When a client comes to a session with their agenda, what’s the best way to serve them?

When I say it like that, it’s obviously a ‘no’, right? But when you’re new to being a coach what are you feeling before a session? Performance anxiety. You feel you should know … everything.

It’s understandable and it’s counter to what’s really needed for an effective session. Shifting from performance mode into curiosity relieves the pressure. It opens the field to sensations — your own and your clients — and intuition kicks in.

Childlike People Make Great Coaches

Hey Coaches!

First, I want to say that curiosity is an innate skill. It’s a survival strategy as well as a way to be delighted by the world. It’s a love of learning. And coaches, most often, love to learn.

And as we get older, we tend to close off curiosity because we’re encouraged to KNOW — to know things.

Have you ever watched a person you admire admit they don’t know something?

How did it make you feel? For me, there’s this sense of wisdom that the person knows what they don’t know and are willing to admit it. I consider it to be … maturity.

Masterful coaches aim to stay present, open minded and curious. In fact, if you’re in a curious state you are simultaneously present, in the present moment and open-minded. How beautiful is that?

Curiosity is a muscle that goes slack if you don’t use it for a while but it doesn’t take long to grow strength there again. Like so much, it’s a matter of raising awareness until it becomes habitual. Coaching clients is a great way to build that muscle.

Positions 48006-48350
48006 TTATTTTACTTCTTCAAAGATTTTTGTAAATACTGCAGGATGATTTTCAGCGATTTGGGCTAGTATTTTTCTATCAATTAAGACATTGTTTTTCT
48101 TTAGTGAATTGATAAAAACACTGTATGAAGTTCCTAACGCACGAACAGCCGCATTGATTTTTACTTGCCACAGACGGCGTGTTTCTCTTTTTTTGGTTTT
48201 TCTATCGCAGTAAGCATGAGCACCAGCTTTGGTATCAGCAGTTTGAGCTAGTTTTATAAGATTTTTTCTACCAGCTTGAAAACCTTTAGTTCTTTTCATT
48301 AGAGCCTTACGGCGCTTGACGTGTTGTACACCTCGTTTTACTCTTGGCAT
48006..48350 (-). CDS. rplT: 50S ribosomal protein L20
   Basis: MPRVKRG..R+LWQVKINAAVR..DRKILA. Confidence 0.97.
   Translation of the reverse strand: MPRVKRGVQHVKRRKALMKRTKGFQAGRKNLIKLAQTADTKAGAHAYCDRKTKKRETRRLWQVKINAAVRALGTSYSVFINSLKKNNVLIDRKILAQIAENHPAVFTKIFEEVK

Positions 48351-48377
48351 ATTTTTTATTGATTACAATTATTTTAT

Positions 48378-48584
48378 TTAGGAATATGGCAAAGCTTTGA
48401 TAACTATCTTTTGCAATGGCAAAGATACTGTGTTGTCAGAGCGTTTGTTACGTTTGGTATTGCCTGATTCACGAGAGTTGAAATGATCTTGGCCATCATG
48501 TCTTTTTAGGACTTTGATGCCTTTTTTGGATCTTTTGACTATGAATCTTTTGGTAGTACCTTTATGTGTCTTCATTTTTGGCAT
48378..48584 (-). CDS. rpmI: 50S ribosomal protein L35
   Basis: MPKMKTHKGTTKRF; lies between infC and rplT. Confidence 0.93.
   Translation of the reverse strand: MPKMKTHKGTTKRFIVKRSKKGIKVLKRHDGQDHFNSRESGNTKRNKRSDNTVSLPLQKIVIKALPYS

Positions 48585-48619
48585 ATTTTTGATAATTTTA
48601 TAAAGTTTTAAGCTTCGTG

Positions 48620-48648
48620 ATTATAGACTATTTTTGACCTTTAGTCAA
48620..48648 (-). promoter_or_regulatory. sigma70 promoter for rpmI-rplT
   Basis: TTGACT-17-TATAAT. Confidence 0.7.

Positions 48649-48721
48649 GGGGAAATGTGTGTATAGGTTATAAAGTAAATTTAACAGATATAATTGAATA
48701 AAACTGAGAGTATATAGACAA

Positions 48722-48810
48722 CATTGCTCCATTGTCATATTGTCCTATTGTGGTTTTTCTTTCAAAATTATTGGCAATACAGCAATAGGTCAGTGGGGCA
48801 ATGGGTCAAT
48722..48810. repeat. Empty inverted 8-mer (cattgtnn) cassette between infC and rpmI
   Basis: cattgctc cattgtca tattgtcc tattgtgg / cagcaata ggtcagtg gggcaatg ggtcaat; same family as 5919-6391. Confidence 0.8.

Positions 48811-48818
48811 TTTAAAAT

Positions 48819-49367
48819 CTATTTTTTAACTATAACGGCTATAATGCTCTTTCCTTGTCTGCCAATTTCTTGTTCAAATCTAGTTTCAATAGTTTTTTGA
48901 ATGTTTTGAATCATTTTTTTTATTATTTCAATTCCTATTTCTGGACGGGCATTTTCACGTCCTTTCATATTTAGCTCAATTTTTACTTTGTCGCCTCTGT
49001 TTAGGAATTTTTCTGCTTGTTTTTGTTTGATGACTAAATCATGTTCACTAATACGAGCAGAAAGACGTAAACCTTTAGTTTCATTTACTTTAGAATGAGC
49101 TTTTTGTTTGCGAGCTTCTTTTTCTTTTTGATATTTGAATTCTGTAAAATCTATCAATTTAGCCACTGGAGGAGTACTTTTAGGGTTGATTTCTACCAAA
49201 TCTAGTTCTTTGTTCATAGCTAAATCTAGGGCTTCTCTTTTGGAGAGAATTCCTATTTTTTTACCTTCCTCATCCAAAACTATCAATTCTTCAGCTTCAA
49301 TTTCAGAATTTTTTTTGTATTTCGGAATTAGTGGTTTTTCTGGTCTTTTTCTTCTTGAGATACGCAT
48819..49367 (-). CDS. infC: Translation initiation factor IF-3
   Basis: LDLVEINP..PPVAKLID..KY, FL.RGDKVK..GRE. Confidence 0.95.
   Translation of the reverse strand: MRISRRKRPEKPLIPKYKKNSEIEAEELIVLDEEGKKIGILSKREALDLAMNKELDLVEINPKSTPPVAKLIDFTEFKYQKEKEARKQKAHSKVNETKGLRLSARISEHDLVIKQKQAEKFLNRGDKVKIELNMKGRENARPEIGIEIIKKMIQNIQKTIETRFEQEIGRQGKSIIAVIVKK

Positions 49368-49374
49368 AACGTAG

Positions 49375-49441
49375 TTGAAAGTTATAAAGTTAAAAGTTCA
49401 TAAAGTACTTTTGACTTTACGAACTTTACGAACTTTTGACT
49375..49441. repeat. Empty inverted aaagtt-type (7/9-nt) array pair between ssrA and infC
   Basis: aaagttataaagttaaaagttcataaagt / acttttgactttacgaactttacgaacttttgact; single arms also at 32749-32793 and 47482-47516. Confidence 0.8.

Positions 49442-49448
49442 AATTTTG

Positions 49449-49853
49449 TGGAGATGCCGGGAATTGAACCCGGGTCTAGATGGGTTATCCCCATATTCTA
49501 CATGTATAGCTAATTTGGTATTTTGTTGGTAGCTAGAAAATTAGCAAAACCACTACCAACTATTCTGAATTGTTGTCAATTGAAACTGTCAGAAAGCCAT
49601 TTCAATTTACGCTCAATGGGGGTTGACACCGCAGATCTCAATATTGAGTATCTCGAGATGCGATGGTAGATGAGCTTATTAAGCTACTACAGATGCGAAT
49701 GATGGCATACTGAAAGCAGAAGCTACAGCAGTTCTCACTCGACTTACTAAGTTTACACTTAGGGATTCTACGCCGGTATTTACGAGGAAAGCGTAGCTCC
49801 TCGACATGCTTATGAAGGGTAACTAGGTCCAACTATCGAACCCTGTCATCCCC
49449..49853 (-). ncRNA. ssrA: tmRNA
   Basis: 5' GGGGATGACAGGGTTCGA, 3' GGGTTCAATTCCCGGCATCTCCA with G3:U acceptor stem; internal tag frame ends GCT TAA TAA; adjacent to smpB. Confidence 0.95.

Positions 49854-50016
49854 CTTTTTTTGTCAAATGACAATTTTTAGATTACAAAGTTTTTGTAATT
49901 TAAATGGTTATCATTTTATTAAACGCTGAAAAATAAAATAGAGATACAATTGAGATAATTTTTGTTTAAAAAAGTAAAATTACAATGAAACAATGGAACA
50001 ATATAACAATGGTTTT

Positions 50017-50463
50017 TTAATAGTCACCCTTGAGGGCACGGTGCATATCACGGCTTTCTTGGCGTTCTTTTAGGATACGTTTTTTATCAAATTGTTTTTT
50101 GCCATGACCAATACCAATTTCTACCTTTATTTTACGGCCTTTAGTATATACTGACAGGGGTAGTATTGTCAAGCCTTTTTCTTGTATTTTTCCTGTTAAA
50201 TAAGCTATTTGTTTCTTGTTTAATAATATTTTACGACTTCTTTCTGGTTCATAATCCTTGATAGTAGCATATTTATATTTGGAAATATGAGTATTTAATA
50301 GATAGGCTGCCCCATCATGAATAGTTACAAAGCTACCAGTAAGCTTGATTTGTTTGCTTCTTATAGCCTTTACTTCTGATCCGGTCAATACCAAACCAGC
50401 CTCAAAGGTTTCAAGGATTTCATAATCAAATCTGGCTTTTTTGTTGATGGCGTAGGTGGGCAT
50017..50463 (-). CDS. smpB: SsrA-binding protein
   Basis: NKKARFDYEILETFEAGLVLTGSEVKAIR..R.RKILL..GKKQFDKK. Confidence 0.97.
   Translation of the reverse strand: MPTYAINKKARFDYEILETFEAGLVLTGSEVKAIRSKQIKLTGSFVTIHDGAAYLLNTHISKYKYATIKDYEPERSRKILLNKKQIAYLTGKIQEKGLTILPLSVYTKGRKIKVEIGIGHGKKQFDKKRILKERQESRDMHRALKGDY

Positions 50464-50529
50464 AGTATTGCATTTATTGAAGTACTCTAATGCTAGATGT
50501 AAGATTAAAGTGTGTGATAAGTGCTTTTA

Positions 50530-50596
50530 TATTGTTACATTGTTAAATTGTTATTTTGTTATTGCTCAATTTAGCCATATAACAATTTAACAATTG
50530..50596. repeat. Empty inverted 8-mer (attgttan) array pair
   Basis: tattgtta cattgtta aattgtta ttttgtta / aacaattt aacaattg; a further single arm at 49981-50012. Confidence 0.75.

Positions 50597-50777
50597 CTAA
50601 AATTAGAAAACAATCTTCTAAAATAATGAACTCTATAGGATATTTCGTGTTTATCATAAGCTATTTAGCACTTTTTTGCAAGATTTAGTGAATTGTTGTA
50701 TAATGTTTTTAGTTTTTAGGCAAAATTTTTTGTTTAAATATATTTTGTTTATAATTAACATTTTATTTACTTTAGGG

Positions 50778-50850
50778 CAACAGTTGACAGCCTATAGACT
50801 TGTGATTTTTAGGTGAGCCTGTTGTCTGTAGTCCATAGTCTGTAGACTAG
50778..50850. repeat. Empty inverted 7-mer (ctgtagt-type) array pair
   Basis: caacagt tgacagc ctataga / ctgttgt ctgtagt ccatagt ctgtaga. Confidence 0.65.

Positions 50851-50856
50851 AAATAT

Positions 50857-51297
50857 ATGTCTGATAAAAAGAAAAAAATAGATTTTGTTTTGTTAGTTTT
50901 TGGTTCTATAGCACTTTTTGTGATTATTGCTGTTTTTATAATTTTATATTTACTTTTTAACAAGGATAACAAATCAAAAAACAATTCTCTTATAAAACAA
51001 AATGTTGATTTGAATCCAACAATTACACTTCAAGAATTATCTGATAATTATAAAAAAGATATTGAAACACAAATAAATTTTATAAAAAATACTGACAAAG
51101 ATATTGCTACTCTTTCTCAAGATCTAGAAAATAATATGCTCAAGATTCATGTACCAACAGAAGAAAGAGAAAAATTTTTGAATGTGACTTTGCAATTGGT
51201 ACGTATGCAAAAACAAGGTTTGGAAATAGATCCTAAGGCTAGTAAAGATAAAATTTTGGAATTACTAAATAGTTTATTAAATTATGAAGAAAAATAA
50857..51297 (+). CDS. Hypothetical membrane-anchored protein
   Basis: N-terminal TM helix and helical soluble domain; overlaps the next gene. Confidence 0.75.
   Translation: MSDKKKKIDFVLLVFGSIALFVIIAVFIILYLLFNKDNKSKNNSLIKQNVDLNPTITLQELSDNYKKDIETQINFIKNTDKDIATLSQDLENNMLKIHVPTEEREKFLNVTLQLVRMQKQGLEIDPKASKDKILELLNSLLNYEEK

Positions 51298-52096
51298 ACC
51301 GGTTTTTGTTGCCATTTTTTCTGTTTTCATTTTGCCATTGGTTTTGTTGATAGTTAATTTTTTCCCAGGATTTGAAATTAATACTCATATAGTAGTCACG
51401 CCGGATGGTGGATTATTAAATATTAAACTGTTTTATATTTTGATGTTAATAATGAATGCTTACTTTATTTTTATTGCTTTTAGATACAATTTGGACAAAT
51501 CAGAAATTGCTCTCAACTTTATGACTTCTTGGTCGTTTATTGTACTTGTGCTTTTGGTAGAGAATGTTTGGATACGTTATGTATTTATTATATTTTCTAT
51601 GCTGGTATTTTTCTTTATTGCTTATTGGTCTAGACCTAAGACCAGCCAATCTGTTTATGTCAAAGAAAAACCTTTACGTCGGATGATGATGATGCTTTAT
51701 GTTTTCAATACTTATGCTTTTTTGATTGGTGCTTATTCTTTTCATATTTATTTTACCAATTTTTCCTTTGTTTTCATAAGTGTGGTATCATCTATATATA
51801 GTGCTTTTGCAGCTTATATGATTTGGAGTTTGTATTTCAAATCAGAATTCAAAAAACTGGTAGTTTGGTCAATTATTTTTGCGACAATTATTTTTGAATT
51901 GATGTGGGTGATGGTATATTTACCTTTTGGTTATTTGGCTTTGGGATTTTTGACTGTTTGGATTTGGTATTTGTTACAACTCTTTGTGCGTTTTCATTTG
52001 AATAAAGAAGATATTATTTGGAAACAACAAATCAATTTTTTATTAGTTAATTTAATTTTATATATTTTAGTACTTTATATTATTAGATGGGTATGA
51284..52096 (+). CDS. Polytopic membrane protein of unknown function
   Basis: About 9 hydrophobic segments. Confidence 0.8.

Curiosity is an indication of genius. It awakens the observer self. The mind stays active instead of passive. It takes a flexible mind to come back again and again to curiosity.

Yet, isn’t it interesting that children are the most curious among us? What does that tell you about the urgent need to know all?

Being Curious is Good for Coaching Clients

It’s taken me a long time to learn to be curious in coaching sessions.

Sure, I learned that open-ended questions are the best tool for coaches next to listening. But I didn’t stop to think … what comes before the powerful questions inside of me?

I’ve since learned that the beginning of excellent coaching starts with knowing what is motivating me and making a quick adjustment in the moment if necessary.

For example, if when I coach I’m motivated to be right, to be clever and to be praised for my approach then I’ve forgotten to connect with my client and instead I’m in performance mode. The spotlight is on me.

Being motivated by service is a different come-from than performance mode.

The energy changes the field of possibility. I don’t mean service in the sense that you lose yourself completely. Just shift the spotlight from yourself to your clients. Not an interrogation light but rather a soft focus similar to in meditation.

That soft focus, in place of scrutiny, allows for curiosity, letting go of judgment and attachment.

When you come from service and with a curious mind there’s the possibility for AHAs. You must be willing to be surprised by and learn from your client — learn things about them and about yourself.

Ask Powerful Questions in Coaching Sessions with Genuine Curiosity

It’s been said that you should never ask a question you don’t already know the answer to. But that’s for lawyers. When it comes to coaching, absolutely do ask questions with a genuine desire to know what your client thinks or feels.

If you come into a coaching session assuming you KNOW what’s going on, you’ll miss the opportunity to hear their unadulterated point of view and the clues to your next question.

I’m going to take a strong stand and declare that the #1 trait of the best coaches is curiosity.

I know this from personal experience both in the role of coach and client.

The best coaching I’ve ever received was surprising, eye opening and took me to someplace new and fresh. It was mind changing.

The best coaching I’ve ever done was like that too. On both sides of the table it demonstrated why we coach.